By Michael Lorms
Now that the winter weather is behind us and we are in the throes of spring cleanup, what are some of the aspects that we can reflect on to make next winter more successful?
Take a minute to consider the amount of slips, trips and falls that occurred within your organization last winter. This may be difficult to fully grasp on account of the fact that that we typically track incidents on an annual basis on our OSHA 300 logs. While this is a great tool, to get a full picture of the winter incidents, we need to take a look at two years’ worth of data to compile a full winter season. Also, we need to consider how many slip and fall incidents occurred, but did not get reported due to the embarrassment of the injured, not reporting because of the severity of the injury, and other aspects that impact an individual’s reluctance to report an incident. Once the discussion begins, look for commonality between incidents. Did a particular day of the week play into the incidents - all incidents occurred on Monday morning when the Facilities Department was not in until 10:00AM. Do employees choose to use a path that is not well maintained out of habit or due to proximity to certain parking spaces? Is a smoking area left unkempt during the winter months? Is proper footwear being considered or is fashion winning out over function? Have expectations been set, production goals agreed to, and pace remained high even though winter walking working constraints have increased?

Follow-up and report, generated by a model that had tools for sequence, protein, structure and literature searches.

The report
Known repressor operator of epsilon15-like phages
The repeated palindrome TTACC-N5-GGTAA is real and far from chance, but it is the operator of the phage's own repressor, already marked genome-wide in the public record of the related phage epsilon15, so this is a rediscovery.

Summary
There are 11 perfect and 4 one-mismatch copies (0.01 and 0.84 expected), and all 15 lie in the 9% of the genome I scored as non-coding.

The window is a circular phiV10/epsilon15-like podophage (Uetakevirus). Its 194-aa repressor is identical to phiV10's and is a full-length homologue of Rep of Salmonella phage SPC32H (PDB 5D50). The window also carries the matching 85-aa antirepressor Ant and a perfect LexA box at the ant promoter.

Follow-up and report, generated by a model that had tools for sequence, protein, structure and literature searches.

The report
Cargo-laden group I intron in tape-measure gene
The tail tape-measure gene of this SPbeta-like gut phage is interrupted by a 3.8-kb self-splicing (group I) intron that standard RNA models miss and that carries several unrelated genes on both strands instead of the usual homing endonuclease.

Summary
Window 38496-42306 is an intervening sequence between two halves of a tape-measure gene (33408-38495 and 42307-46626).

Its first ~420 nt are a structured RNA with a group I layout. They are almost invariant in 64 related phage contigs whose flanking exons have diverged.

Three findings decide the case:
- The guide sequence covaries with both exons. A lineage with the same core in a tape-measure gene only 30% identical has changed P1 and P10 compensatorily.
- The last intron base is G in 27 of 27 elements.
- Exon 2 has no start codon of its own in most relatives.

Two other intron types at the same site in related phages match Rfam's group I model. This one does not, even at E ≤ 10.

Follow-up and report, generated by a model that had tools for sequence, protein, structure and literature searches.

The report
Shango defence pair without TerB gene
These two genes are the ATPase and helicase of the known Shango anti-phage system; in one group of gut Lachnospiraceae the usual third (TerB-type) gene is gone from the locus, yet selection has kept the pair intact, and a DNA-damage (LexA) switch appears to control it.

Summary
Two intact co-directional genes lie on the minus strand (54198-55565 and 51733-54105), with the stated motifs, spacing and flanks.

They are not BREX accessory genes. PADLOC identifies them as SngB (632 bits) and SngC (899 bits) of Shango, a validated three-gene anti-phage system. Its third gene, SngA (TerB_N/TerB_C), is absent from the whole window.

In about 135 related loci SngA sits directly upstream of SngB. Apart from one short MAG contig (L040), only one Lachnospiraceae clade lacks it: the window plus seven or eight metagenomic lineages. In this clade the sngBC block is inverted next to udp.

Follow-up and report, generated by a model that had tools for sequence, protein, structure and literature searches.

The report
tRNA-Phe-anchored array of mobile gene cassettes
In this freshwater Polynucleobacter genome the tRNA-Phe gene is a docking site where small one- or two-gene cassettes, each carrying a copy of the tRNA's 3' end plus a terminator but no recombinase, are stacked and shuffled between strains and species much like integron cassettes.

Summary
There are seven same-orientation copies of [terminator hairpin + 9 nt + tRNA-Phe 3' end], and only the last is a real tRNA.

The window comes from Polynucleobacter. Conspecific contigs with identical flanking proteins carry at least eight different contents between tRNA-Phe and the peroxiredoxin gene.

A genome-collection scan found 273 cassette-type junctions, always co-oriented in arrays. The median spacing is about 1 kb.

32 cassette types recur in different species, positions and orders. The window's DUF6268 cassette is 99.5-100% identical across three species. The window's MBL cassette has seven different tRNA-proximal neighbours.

Craft some deliverables from this style of questioning. Your deliverables should include solutions in procedure, maintenance, expectations and policies that, if actionable, will meet the goal of eliminating conditions that may result in an incident. Be proactive. Have a discussion with whomever is managing your snow and ice removal prior to the first snow. Discuss aspects that have resulted in incidents in the past and work with them to develop solutions. Consider snow piles, drifting snow, falling ice from the building, setting up drainage, and melt and refreeze. Realize that this may require a group effort between your Loss Control/HSE Department, HR Department, Facilities and outside contractors that handle snow and ice management. In some cases, one person wears all of the hats.
OSHA States: “Slips, trips, and falls constitute the majority of general industry accidents. They cause 15% of all accidental deaths, and are second only to motor vehicles as a cause of fatalities. The OSHA standards for walking/working surfaces apply to all permanent places of employment, except where only domestic, mining, or agricultural work is performed.” Ref: Safety and Health Topics | Walking/Working Surfaces. (2015). Retrieved April 6, 2015, from https://www.osha.gov/SLTC/walkingworkingsurfaces/
Take this opportunity to develop actionable solutions while the winter considerations are still fresh in everyone’s minds. Develop the plan for next season with input from all parties. Be proactive for success in the winter months.
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